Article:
Beach Bystanders Criticised In Christmas Day Drowning

Two Australian surfers who tried to rescue a man from drowning on Christmas Day have angrily accused others of not helping their efforts.

Indian student Ravneet Singh Gill, 22, and seven friends were pulled out to sea by a strong current at Flag Staff or Duranbah Beach in New South Wales.

Lifeguards rescued the group but could not revive Mr Singh Gill.

Dean and Shaun Harrington, who said they assisted in the rescue, accused others of “standing around watching”.

The brothers, who have an online following for their prankster acts, lashed out at other surfers in an Instagram post which has received more than 7,000 likes.

“If you see someone in trouble you HELP THEM,” the post reads. It singles out a “a kite boarder who nearly ran me over twice when I had an unconscious man in my arms”.

“Some poor family has lost a life because people were standing around watching and doing [nothing].”

Mr Singh Gill had been studying and living on the Gold Coast in Queensland for the past three years, according to the Gold Coast Sikh Council, which has paid tribute to the young man.

“As the eldest of his family, Ravneet was the pillar of hope and support for his parents and younger brother who reside in India,” they said.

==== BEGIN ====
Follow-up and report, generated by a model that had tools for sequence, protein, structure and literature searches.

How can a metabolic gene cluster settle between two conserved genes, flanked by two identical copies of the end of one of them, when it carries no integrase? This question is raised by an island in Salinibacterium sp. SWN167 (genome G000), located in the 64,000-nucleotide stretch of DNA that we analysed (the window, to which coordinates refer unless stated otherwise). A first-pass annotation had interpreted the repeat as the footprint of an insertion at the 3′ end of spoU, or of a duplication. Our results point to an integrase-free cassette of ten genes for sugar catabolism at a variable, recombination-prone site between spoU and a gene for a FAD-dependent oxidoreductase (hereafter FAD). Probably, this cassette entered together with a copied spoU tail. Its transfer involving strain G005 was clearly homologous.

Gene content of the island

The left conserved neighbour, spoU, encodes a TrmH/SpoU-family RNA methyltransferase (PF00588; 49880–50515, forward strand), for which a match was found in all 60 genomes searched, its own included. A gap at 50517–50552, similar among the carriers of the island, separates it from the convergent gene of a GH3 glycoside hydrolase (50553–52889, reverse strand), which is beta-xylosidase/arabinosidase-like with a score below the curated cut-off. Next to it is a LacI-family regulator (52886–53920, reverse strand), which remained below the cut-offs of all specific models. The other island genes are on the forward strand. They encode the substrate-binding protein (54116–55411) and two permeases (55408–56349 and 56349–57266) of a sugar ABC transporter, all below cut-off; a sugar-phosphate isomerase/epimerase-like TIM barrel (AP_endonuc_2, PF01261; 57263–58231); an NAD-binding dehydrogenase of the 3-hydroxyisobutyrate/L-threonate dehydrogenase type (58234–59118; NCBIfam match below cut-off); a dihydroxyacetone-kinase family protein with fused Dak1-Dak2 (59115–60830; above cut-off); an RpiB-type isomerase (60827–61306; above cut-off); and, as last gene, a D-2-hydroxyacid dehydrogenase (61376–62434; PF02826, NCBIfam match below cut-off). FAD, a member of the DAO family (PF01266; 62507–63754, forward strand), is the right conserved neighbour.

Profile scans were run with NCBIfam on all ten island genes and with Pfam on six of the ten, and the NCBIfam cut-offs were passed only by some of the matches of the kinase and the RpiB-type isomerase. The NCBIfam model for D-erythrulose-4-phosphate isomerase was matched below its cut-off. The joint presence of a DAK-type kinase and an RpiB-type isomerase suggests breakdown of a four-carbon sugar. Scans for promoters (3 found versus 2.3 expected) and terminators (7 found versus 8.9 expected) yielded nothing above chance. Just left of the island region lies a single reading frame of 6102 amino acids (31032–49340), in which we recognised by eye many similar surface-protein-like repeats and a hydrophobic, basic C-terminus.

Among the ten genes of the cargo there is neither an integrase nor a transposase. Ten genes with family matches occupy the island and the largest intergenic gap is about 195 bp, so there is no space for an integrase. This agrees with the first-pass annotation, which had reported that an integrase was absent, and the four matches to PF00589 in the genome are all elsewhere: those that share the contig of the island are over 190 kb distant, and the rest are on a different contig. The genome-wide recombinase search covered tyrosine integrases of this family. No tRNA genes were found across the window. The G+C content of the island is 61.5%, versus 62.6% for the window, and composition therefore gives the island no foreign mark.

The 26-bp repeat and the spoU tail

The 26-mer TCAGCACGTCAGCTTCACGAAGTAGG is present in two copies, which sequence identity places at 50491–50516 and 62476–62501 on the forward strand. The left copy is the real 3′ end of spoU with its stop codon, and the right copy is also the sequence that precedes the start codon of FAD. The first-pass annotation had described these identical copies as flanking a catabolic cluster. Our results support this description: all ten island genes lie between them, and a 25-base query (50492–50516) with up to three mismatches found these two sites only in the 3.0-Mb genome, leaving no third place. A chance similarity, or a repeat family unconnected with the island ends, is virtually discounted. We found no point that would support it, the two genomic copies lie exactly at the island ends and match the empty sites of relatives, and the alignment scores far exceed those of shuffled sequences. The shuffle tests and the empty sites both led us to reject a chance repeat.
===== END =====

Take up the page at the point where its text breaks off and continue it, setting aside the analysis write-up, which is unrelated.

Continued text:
It is the latest in a string of drownings off the Australian coast, as summer begins and people head to beaches.

Should you intervene if you see someone drowning?

The Harrington brothers’ comments sparked a fierce debate on their Instagram post.

Many praised the brothers’ “brave” and “heroic” actions while others said attempting a rescue without the necessary skills or equipment just added to the danger.

“Unless you have a board or something for the drowning people to hold on to, any swimmer would be more of a liability than help,” one person wrote.

“How is it selfish to stay on the beach out of the way? It’s 100x better than getting in the way of the rescue and putting yourself at risk.”

In the event of an emergency, Surf Lifesaving New South Wales recommend members of the public alert lifeguards or call emergency services.

They do not advocate one way or the other for getting involved in rescues.

However, the organisation recognises that surfers do perform rescues at beaches. It offers a program which teaches board riders how to properly conduct rescues as well as CPR and first aid skills.

Beachgoers are advised to stay safe by swimming at a patrolled beach and between the red and yellow flags.

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